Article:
There is much more in Levenson and other modern writings of ancient practices which puts the LDS Temple squarely into the realm of ancient practice. Some of the elements which deeply impressed me were the relationship between the Temple and the Sabbath day (sacred space and sacred time), the symbolism of the baptismal font (and subterranean waters in general) in the Temple, the relationship between mountains and Temples (also found strongly in the Bible and the Book of Mormon), the significance of covenant making, the link between Zion and the Temple, the things one does to show reverence for sacred ground, the significance of the Creation story, and so on. Levenson probably knows nothing of LDS Temples, yet his writings about the ancient Jewish experience did more for my understanding of LDS Temples than any modern LDS writer had.

That background helped me appreciate the insights into the ancient world that Hugh Nibley has offered in many of his writings.

Recommended reading:

  1. Barry Robert Bickmore’s excellent book, Restoring the Ancient Church (Ben Lomand, CA: Foundation for Apologetic Information and Research, 1999), now available online at
  2. Was Freemasonry Derived from Mormonism? – a well-documented article by Eugene Seaich. Ancient roots are shown for some of the Masonic elements that are similar to LDS temple concepts.
  3. The LDS Temple Endowment: An Introduction – by Barry Bickmore.
  4. What Is a Temple? A Preliminary Typology by John Lundquist – a review of what scholars know about the ancient temple concept in the Middle East. Those familiar with Mormon temples and the history of the Temple in Mormonism should see extensive evidence that it is a restoration of an ancient concept that could not have simply been plagiarized from Masonry. See also “Sinai as Sanctuary and Mountain of God” – an article at FARMS that builds on the work Lundquist.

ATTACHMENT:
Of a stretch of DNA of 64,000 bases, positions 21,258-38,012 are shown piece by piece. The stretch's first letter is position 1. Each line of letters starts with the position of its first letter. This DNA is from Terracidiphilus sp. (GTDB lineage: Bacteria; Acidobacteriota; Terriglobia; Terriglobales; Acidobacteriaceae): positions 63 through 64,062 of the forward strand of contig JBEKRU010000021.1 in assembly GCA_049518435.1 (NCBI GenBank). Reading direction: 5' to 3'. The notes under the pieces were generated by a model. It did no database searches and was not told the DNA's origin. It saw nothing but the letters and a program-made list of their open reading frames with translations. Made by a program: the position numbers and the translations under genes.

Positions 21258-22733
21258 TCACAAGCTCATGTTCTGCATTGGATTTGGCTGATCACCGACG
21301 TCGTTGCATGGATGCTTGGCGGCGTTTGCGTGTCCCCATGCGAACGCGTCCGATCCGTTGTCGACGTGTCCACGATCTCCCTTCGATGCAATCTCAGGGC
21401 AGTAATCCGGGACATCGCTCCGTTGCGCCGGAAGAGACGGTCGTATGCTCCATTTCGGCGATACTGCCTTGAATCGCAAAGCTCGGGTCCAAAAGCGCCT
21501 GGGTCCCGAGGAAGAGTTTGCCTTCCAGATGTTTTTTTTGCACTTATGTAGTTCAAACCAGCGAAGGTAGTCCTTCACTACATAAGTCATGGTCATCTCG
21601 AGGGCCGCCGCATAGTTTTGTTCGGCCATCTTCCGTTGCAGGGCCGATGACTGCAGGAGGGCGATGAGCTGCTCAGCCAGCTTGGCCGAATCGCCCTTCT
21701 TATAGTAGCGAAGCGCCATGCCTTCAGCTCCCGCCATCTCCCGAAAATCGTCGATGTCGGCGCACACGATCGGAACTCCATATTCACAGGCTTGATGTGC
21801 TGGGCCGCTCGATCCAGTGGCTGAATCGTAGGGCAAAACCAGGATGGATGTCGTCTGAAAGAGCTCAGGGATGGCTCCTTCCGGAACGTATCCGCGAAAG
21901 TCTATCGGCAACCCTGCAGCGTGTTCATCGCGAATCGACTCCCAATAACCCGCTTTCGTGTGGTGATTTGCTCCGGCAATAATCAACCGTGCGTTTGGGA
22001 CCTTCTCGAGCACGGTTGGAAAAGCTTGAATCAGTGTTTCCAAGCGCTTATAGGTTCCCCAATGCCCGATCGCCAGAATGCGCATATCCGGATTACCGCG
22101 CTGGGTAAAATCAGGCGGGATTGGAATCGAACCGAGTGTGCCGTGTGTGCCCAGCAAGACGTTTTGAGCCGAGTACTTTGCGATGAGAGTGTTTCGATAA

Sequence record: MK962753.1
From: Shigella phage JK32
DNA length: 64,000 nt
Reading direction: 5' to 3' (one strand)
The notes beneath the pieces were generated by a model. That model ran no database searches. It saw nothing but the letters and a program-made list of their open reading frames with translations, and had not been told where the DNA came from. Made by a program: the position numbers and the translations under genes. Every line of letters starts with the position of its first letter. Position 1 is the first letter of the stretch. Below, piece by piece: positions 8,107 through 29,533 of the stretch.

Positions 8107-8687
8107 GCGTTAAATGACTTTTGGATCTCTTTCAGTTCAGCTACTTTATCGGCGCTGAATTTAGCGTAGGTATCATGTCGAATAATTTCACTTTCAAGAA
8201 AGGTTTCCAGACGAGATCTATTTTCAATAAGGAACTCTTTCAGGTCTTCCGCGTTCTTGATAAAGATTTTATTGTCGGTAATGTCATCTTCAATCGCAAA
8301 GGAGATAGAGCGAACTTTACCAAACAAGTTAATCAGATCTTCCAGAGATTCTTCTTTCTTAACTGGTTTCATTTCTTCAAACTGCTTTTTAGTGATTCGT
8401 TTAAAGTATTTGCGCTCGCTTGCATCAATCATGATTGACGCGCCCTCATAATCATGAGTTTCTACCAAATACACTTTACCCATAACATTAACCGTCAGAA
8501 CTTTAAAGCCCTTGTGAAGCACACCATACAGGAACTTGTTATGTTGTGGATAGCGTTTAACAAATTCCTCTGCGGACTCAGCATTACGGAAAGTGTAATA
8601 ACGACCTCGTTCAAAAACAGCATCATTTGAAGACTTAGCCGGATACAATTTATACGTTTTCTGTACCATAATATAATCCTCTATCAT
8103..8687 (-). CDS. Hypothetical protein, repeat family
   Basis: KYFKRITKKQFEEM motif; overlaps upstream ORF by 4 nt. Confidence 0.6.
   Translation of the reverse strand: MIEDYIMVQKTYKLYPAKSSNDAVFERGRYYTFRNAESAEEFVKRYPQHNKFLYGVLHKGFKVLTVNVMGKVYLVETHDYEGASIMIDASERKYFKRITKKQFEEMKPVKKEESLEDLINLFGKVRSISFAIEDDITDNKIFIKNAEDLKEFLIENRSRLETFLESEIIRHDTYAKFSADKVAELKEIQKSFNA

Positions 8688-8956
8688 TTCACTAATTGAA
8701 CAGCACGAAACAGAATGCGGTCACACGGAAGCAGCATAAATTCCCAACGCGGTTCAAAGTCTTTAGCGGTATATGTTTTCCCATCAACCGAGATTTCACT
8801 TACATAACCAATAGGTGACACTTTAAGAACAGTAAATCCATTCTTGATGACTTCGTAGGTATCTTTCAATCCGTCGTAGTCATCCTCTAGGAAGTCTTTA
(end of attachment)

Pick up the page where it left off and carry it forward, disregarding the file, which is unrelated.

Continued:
5. Mormonism and Early Christianity – an excellent site by Barry Bickmore.
  6. Early Christian and Jewish Rituals Related to Temple Practices by John A. Tvedtnes at This offers strong evidence for the ancient nature of the Temple.
  7. The House of the Lord – information about LDS Temples at
  8. Can Temple Ceremonies Change? – an article at
  9. Christian Envy of the Temple by Hugh Nibley.
  10. The Early Christian Prayer Circle by Hugh W. Nibley.
  11. The Meaning of the Temple by Hugh W. Nibley.
  12. Secrecy in Ancient Christianity – An excerpt of Michael T. Griffith’s book, One Lord, One Faith: Writings of the Early Christian Fathers As Evidences of the Restoration (Horizon Publishers, 1996).
  13. Masonry and the Mormon Temple – another great Web page and book excerpt from Michael T. Griffith.
  14. Them Sneaky Early Christians by Barry Bickmore.
  15. Was Joseph Smith Influenced by Kabbalah? – William J. Hamblin reviews a book alleging that the Kabbalah influenced Joseph Smith. Available in FARMS Review of Books, 1996, Vol. 2, pp. 251-325.
  16. Covenant, Treaty, and Prophecy by E. C. Lucas. This article discusses the ancient six-part treaty concept proposed by Mendenhall and reviews some recent criticisms of Mendenhall’s views.

Please let me know of other resources you recommend on this topic.


Author: Jeff Lindsay

1 thought on “The LDS Temple: Restoration of Ancient Practices

Leave a Reply

Your email address will not be published. Required fields are marked *

This site uses Akismet to reduce spam. Learn how your comment data is processed.